4. phyllis b.

    my husband passed away nov 27, 2020 how do I receive his ss check to go into my checking account?

  5. Kellee W.

    my husband passed away 11/6 of this year. our daughter only knows him as her father. her father actually passed away 3/12/11 and she was receiving benefits from him. I want to know if I can apply for benefits for myself and daughter and have her benefits she recieves from her dad stopped when i have my interview this month.

  6. Nancy W.

    My first husband passed in 1978. I had survivor benefits for me and our infant son. I remarried and no longer had benefits for me of course. I was told I could resume it at age 60. I am 66. Is this true?

    • Vonda

      Hi Nancy, thanks for using our blog. Typically, a widow or widower at full (survivors) retirement age or older generally receives 100% of the deceased worker’s amount, a widow or widower under full retirement age receives about 71 to 99 percent of the worker’s benefit amount, and a widow or widower with a child younger than age 16 receives 75 percent of the worker’s benefit amount. For more information about how much your benefit would be, visit our Survivors Planner.

      To inquire on potential benefits, call us at 1-800-772-1213 for assistance or you can contact your local Social Security office. Please look for the general inquiry telephone number at the Social Security Office Locator. The number may appear under Show Additional Office Information. Please be aware that our call wait times are longer than normal. We hope this information helps.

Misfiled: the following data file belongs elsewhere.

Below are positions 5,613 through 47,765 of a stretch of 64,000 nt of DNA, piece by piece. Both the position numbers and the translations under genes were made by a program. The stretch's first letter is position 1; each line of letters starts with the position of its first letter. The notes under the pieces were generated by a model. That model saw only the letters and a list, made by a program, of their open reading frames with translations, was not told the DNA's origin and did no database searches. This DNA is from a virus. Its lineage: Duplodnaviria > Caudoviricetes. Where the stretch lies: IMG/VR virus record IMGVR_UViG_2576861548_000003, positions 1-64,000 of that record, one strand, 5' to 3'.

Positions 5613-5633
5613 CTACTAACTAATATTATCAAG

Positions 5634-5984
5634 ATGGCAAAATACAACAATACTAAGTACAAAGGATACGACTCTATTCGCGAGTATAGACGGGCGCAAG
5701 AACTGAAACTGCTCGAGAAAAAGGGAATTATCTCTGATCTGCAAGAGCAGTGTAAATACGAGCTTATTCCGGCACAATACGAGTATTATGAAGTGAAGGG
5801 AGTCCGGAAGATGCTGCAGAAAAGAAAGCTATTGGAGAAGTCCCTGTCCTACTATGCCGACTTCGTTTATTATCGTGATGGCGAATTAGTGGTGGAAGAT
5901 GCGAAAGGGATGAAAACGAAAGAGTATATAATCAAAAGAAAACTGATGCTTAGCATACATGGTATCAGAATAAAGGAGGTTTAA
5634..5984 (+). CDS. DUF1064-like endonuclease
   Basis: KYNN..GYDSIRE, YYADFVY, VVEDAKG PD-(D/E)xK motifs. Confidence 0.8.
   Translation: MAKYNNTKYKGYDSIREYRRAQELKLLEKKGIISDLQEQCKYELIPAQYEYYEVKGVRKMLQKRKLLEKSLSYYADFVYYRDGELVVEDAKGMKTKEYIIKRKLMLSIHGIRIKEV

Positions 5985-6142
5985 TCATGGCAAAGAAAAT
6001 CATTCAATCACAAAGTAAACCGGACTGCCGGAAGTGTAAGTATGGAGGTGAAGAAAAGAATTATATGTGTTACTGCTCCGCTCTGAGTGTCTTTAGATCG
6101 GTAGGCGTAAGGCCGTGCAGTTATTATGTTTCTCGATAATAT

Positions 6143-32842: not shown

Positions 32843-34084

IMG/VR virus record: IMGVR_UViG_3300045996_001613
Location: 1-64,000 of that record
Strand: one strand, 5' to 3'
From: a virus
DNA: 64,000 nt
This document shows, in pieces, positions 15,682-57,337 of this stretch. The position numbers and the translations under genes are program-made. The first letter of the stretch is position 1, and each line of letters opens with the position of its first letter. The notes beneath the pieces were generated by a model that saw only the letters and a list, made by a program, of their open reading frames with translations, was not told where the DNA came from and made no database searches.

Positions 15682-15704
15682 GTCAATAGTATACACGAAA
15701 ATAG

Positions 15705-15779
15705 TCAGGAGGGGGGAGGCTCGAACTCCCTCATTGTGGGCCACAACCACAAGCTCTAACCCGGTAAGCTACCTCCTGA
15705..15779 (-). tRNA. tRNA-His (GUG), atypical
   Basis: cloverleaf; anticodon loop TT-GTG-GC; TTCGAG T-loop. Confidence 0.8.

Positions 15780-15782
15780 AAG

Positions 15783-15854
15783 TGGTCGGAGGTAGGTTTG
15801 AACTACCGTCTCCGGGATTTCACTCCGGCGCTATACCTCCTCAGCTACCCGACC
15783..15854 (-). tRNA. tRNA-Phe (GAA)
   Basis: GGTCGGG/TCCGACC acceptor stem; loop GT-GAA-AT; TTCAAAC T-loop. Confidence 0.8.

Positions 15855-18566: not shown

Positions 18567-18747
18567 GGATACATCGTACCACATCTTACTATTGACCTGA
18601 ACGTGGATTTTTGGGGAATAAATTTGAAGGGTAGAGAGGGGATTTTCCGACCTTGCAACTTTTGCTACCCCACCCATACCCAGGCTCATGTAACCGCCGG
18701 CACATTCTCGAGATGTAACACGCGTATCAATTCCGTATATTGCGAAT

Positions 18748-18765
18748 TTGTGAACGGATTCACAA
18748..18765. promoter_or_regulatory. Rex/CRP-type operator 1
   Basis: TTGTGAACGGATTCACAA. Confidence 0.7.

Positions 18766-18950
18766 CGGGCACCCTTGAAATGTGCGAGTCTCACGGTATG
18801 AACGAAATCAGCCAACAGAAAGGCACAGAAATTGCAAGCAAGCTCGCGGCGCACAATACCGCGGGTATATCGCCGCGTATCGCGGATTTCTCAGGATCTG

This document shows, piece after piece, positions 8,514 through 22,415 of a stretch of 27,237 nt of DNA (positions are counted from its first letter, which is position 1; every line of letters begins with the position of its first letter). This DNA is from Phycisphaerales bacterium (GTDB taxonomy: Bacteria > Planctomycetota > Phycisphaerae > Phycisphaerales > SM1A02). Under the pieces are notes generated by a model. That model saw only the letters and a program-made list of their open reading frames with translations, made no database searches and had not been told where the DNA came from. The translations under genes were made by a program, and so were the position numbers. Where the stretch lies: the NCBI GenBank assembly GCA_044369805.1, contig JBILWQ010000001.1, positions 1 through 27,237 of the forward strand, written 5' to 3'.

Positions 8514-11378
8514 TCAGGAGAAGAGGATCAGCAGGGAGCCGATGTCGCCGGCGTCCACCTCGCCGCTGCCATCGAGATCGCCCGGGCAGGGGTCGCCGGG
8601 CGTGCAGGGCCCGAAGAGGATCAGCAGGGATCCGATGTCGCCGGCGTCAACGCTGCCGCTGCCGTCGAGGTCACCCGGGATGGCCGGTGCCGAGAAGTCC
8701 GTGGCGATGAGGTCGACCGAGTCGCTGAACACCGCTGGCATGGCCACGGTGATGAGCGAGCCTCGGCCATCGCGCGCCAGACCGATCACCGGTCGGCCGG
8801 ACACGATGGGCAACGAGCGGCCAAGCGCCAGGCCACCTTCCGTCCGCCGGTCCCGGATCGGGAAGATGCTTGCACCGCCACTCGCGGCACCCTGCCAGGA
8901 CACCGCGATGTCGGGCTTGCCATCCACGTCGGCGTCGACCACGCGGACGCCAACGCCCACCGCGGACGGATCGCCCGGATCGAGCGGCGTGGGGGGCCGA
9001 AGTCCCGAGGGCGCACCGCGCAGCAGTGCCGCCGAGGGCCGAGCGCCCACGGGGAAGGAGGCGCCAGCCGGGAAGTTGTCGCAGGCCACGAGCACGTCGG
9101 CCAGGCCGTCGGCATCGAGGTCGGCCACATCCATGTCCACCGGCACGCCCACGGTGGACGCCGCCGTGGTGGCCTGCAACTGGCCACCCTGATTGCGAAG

7. Yvonne

    I have recently lose my husband. What is the process to received his benefits?

    • Vonda

      We are very sorry for your loss, Yvonne. If your husband worked long enough under Social Security, there may be benefits payable to survivors. You may be eligible for reduced widows benefits as early as age 60 (age 50 if disabled) and at any age if caring for the deceased’s child who is under age 16 or disabled and receiving benefits on the deceased’s record. Survivor benefit amounts are based on your husband’s earnings. The more he paid into Social Security, the higher the benefits would be.